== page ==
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Travels with the grandson:

By on November 24, 2020 in Travel with 0 Comments

Spring break in the COVID fall

Jimmy McGregor and Bentley walk through the animal park: “Spending time with my grandson is sometimes as simple as walking with him and talking about what we see and hear,” said Jimmy. “I love being one of his guides through life.”

By James McGregor

For a few decades now, my wife Julene and I have taken a “Spring Break” trip. 

Sometimes it was just our kids and sometimes we would take the kids and a friend or two. Our kids are now grown, so when we go on a trip in the spring, we will sometimes take our grandson Bentley. 

2020 was very different from other years. With the pandemic, a Spring Break trip was out of the question. 

It was tough news for Bentley. He was looking forward to the trip since we talked about it around Christmas 2019. 

Our family trips are usually full of unexpected issues. Having three daughters, crazy things tended to happen at times. It would not be unusual for us to be seen with a daughter wearing a fake mustache on vacation or even having a daughter get into poison ivy and a few minutes later, fall into the mud. 

Taking a car caravan Northwest Trek, one of the first animals encountered was this white goat.

We even had a daughter needing one last bowl of clam chowder, after a full meal, “Just to fill in the cracks,” and ended up with a tummy ache. 

All of these issues fail to compare to COVID-19 and what it did to our plans.

Months went by and as the world started to settle into the norms of COVID-19, we started to think about the “Spring Break” trip — only to be taken in the fall.

First, we had to find an activity that was open. The list was very short. Normally, I try to plan our trips near bookstores, unfortunately at this point bookstores were closed. 

After some careful thought and some research, we found that Northwest Trek Wildlife Park — a 723-acre wildlife park located in the town of Eatonville — was open and that there were changes in place that would make the adventure safe.

A bison showed up to say hello.

Hotel selection changed. Gone were the amenities criteria, replaced with the COVID-19 safety requirements. We let Bentley make the final decision. If I had known the decision-making process, I might have spoken up before we made the reservations; however, I didn’t know until we had arrived. 

While an adult’s hotel choices are usually based on how clean it is or the extras that might be included, the mind of an 8-year-old is very different. It came down to an orange chair. That is right, the lobby had an orange couch/chair and that is how Bentley chose our hotel. 

Bentley and his prize, the orange couch that he dreamed of sitting on.

Upon hearing this, a cringe grew that soon turned into anxiety. I pictured us sleeping on a mattress on the floor in a cockroach-infested hotel because an 8-year-old wanted a hotel with an orange chair. This was not a comforting thought at the time, and would only be relieved after arriving at the very nice hotel, that also had orange furniture.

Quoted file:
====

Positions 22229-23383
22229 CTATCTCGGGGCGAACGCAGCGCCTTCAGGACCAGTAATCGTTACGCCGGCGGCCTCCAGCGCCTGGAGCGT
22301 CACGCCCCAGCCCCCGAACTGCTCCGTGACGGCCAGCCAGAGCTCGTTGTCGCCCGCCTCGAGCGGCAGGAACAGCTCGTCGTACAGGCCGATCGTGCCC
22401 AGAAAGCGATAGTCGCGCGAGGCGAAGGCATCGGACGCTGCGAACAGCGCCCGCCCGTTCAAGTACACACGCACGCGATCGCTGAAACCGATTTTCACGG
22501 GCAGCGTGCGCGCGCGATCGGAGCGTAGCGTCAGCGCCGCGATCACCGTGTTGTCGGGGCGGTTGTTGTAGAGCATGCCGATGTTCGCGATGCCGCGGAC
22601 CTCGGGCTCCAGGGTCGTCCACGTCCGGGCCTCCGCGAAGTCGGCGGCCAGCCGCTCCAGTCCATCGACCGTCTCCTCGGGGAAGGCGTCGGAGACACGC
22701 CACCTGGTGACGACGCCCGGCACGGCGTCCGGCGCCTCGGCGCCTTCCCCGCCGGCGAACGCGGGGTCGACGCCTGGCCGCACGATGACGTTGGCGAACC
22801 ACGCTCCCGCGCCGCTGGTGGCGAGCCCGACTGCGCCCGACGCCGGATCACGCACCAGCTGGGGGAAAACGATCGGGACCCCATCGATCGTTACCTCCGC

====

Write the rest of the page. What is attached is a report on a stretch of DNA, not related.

One of the major changes in the Northwest Trek tour is that the train tour was no longer taking place because of COVID-19. Instead of the buses, we would be driving our car in a caravan tour with a guide leading the way. 

In addition, there was limited space in the park and reservations had to be made. 

We ended up splitting our tour. We did the driving portion of the tour on Friday and the walking part of the tour on Saturday.

The car portion of the tour was very comforting. We were able to stay in the safety of our vehicle and view many different animals. 

Many of the animals were very close to the road, and we were told that every drive is slightly different. Our unique experience included hearing elk calls and seeing caribou. We also had a mountain goat walk right beside our car.

By the end of his adventure, Bentley was very tired and happy.

After a long day driving to and through Northwest Trek, it was time to get something to eat. 

It is sometimes difficult to find a great place to eat under normal circumstances, and COVID-19 made this process even more complicated. We used our phones to not only find restaurants that were open but to also decide on what we were going to eat. We decided on a restaurant; however, upon arriving, there was an extremely long line. This is normal in our current world. We ended up at an Ivar’s Seafood Bar. 

When we go on trips with Bentley, we encourage him to try new foods. As he was starting to eat the chicken he ordered, he decided to try a clam strip. 

The last trip we were on, he tried calamari and ended up eating a large portion. There was no difference with the clam strips. He ended up eating more of Julene’s clam strips and shrimp than she did. The chicken was barely touched. Lesson learned: Order his meal after he tries everyone else’s food. 

It was a nice end to our first day. 

The next day we did the walking tour, which had changed because of COVID-19. Freely walking around the park had been replaced with a one-way walk. Other changes included the gift shop being outside, and many barricades that prevented meandering. 

I have to say that the walk was still nice and peaceful. We had to keep masks on all of the time we were in the park and it was not a big deal. We were able to see most, if not all, of the animals. 

Both the driving and walking tours were different from our previous tours but they were also very similar to other tours at the park we had taken and I believe we saw just as many animals.

In the end the adventure was very different from our previous adventures but just as entertaining. It is possible to have a successful vacation even in this new environment with a few minor adjustments.

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